Study into Samoan matai overseas gets major grant
A study into Samoan matai living overseas has received a major grant New Zealand's biggest science fund.
A study into Samoan chiefs or matai living outside Samoa has received $550,000 US dollars from New Zealand's biggest science fund.
Misatauveve Dr Melani Anae from the University of Auckland will use the Marsden Fund grant to interview fellow matai in Australia, Hawai'i and Utah.
She told Karen Mangnall it's important to find out how they decide about giving money, fine mats and time and who they think will benefit.
MISATAUVEVE DR MELANI ANAE: Well it's important because Samoan leadership, especially the fa'amatai system, is being threatened at the moment by misunderstandings about what it is and the benefit of matai who are not in Samoa are providing for families back in Samoa. There's people who maintain that these transnational matai are really not contributing anything except their own self advantage in terms of the benefits that can accrue from being a matai and taking on a matai job.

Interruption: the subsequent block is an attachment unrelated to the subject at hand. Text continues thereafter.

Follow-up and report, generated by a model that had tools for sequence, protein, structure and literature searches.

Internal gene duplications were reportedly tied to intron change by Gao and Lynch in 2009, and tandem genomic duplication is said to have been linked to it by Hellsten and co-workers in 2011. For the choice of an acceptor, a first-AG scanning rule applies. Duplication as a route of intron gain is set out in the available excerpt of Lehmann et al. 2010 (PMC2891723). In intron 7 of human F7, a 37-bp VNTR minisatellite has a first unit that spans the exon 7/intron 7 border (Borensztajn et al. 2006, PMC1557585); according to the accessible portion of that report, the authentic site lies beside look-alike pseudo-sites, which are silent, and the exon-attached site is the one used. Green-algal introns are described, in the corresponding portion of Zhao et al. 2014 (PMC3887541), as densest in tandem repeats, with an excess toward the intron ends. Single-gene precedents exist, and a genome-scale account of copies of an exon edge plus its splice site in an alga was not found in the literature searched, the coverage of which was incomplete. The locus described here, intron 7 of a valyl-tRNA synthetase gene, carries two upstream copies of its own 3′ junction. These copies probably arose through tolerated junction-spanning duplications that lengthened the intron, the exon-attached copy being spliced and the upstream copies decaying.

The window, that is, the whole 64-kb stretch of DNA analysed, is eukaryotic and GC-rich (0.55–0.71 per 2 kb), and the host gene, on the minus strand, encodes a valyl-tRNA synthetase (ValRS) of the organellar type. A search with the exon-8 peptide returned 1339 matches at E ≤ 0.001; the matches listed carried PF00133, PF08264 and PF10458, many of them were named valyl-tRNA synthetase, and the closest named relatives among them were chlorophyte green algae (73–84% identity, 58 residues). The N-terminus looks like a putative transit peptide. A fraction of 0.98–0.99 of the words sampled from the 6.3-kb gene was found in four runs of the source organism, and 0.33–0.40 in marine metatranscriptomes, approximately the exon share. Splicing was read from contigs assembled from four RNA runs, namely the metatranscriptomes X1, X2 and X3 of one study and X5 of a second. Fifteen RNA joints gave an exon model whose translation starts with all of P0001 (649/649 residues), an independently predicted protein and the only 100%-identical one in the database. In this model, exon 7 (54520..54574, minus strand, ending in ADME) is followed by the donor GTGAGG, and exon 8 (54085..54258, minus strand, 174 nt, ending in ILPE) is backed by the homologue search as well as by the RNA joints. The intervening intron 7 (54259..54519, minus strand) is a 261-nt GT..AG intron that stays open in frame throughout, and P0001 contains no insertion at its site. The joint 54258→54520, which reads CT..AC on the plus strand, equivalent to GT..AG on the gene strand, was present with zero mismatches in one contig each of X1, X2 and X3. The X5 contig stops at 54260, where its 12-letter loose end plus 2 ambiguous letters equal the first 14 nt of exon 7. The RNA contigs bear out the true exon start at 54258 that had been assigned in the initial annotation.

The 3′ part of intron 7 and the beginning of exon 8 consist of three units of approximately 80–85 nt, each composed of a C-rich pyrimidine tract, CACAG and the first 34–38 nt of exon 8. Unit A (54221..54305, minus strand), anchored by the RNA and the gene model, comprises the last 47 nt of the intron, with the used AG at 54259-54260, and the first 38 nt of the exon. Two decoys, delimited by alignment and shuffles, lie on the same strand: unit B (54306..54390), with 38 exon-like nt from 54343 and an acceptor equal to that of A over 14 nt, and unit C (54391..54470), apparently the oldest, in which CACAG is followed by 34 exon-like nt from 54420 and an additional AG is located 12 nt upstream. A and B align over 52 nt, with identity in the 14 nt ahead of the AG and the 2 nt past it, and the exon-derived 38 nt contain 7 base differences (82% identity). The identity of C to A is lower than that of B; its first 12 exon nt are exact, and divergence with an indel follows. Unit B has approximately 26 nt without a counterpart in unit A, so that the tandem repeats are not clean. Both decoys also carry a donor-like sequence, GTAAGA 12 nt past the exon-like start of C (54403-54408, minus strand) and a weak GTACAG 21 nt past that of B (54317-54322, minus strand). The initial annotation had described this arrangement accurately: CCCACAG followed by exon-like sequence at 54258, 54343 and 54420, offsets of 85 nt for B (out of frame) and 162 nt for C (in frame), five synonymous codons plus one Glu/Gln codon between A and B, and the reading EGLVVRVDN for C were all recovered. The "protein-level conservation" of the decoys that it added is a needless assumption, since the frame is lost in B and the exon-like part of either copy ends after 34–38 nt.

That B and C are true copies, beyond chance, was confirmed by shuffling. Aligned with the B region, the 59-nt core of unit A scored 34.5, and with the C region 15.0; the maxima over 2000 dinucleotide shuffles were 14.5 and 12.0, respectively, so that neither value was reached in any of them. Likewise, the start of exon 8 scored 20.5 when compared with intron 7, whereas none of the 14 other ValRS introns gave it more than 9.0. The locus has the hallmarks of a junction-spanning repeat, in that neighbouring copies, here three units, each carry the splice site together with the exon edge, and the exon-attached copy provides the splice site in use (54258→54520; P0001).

KM: Is there a feeling that the overseas matai are not real matai?
MDMA: Yes, yes. They are regarded as empty symbols, as a group of savvy well-educated young up-starts who are not in the sacred circle of the fa'amatai of their cultural obligations in terms of support and respect and service that one acquires in the village if they are in Samoa and it's very difficult.
KM: On the part of the matai, especially the ones born outside Samoa, do they feel misunderstood and if so, why?
MDMA: Definitely, because in the stories, in terms of my research, a lot of them feel that they are not worthy. A lot of them think that because they aren't articulate in Fa'a Samoan, they don't know their language, that they will not provide the service that's required to look after their family in Samoa, in New Zealand. So this is some of the myths I want to really break down, and offer kind of coping mechanisms and ways forward for them. Because a lot of them even though they haven't got the language are totally aware of the languages and institutions which make up the Fa'a Samoa. And can express that it English. And that's why I am trying to provide just another perspective on how Matai and the diaspora, why they're accepting these titles. Their misgivings, their experiences, their doubts, so that other matai in waiting in the diaspora will have a better sense of what to expect and in terms of the continuance of the whole Fa'amatai system. Because my concern is that we need to have that family leadership to take us into the next century.
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